Neonatal nurses put their skills to work by providing care for newborns, often 28 days of age or less. These nurses need to have an incredible insight to be able to work with the just-born and be level-headed decision-makers so that they can identify what the next step of care should be. They are need to be pros at deciphering the language of "baby" and whether that means an infant needs to be picked up, have a diaper changed or is in need of attention of another type.
Day in the Life of a Neonatal Nurse
Neonatal nurses work with extremely young children, most often in a nursery or intensive care setting, At the very basic level, they take care of newborns in a nursery, providing them with basic care while also helping new parents understand umbilical care, breastfeeding, the fundamentals of taking care of a baby and more. This is known as Level I Nursery Care. On the job, neonatal nurses may also:
- Maintain patient records
- Provide information and support for families
- Administer medications, vaccines or other treatments
- Oversee vital signs and follow specific plans of care
- Perform various types of diagnostic tests
However, the work of a this specially qualified nurse can sometimes be more challenging. At more advanced levels of care, they provide attention to specific infants and may have to complete tasks, such as:
- Taking care of special feeding needs
- Providing supplemental oxygenation
- Administering IVs
- Providing information to parents or caregivers
The most advanced care setting these highly trained nurses may work in is a neonatal intensive care unit (NICU). The infants in that setting are typically fragile and may have extremely low birth-weights, often between to 1.5 and 3 pounds. These babies also may suffer from withdrawal symptoms if their mother abused or used alcohol or drugs. Infants could be in NICU for many other reasons, including serious infections, organs that are not functioning quite right or body parts that are still developing.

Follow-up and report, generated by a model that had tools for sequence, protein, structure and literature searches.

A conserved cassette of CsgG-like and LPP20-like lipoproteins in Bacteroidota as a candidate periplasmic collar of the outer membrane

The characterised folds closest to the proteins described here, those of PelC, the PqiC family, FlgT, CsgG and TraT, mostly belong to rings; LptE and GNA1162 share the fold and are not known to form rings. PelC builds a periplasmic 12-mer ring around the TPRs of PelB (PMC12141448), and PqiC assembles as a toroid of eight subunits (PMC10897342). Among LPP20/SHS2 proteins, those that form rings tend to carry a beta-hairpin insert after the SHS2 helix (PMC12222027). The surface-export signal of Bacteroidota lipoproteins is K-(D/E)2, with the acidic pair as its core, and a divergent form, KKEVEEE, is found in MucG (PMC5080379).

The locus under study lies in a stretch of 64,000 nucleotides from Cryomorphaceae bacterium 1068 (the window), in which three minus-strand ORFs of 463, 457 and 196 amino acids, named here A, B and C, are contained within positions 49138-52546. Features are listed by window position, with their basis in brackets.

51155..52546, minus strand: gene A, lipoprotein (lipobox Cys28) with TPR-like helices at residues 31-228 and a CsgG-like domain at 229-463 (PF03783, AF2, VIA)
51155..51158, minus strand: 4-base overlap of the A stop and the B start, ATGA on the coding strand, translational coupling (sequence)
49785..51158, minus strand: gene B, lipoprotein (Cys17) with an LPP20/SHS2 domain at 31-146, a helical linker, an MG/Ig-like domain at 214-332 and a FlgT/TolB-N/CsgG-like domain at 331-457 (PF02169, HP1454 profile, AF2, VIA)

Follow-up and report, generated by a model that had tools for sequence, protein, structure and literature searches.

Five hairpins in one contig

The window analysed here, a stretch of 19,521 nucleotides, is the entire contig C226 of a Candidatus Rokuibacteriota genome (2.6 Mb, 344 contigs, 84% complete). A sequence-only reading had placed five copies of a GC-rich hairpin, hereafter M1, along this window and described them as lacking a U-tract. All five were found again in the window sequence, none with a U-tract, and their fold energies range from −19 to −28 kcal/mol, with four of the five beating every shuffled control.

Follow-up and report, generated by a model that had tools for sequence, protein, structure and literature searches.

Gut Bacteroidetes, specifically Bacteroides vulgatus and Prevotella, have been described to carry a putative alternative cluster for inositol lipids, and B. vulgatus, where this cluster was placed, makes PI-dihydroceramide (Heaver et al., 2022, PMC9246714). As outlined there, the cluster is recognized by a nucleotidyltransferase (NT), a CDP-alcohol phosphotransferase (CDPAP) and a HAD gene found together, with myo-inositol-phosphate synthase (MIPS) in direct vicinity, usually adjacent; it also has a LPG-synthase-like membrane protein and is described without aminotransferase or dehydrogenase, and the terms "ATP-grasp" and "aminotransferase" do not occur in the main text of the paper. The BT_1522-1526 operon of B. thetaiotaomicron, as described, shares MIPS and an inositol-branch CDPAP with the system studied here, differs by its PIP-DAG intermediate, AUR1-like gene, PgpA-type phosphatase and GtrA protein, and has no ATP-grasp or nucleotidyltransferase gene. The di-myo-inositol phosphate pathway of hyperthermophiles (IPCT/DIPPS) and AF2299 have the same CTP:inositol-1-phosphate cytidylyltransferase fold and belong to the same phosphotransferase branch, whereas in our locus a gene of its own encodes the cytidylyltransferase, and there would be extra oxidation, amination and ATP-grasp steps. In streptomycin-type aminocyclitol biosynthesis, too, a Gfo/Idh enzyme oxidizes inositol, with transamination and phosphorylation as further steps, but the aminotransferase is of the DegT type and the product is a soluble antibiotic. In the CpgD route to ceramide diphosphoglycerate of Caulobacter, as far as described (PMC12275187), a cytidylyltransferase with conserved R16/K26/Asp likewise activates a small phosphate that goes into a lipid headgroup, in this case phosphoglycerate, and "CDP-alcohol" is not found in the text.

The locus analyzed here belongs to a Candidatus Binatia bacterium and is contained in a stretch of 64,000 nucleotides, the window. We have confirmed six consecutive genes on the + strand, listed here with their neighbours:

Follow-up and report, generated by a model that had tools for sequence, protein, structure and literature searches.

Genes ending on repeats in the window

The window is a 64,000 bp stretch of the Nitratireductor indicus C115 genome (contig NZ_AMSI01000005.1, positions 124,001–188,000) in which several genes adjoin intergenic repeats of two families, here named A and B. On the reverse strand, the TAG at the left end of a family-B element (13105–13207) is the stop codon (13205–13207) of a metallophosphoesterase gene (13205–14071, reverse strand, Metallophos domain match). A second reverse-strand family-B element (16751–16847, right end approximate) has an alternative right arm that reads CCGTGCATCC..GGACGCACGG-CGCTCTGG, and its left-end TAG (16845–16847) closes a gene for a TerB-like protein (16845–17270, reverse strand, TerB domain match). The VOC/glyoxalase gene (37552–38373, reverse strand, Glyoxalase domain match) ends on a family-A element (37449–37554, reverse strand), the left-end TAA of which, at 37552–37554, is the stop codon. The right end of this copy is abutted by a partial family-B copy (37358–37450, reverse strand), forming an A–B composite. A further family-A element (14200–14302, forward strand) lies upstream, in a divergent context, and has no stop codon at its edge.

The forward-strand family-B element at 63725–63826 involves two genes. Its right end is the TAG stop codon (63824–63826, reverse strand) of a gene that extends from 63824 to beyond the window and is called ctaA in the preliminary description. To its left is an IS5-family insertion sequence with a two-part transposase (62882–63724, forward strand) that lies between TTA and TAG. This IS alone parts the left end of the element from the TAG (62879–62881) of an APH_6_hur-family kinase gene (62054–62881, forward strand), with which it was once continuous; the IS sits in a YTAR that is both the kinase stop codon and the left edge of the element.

Important Characteristics for Becoming a Neonatal Certified Nurse
Neonatal nurse careers can be great for people who are committed to caring for the very young and often the very fragile. Obviously, compassion and patience serve a nurse well on the job, but neonatal nurses also should be able to manage stress while staying on top of care. Physical stamina is important on the job, too, since they often work long hours and have many different responsibilities for the pint-sized patients under their care.
Typical Steps for Becoming a Neonatal Nurse
All certified neonatal nurses must first be registered nurses (RNs), so going to college and obtaining an education is essential. Here are most common steps taken for becoming a neonatal nurse.
- Complete an associate or bachelor's degree program. The subjects covered in college classes are essential for building fundamental nursing skills. Available registered nurse (RN) programs are listed under titles such as:
- Associate Degree in Nursing (ADN)
- Bachelor of Science in Nursing (BSN)
- Online RN Degree
- Online RN to BSN Healthcare Degree
- Online Registered Nurse to Bachelor of Science in Nursing
Of note, students opting for an associate degree in nursing can always later go back and complete their four-year degree, which can be helpful if they ever want to continue on to graduate-level education. Online programs typically become available to nurses once they have an associate degree.
- CCRN Neonatal, American Association of Critical-Care Nurses, Accessed December 2017, https://www.aacn.org/certification/get-certified/ccrn-neo
- Is a Career in Neonatal Nursing Right for You? National Association of Neonatal Nurses, Accessed December 2017, http://nann.org/professional-development/what-is-neonatal-nursing
- Neonatal Intensive Care Nursing, National Certification Corporation, Accessed December 2017, https://www.nccwebsite.org/certification/Exam-detail.aspx?eid=8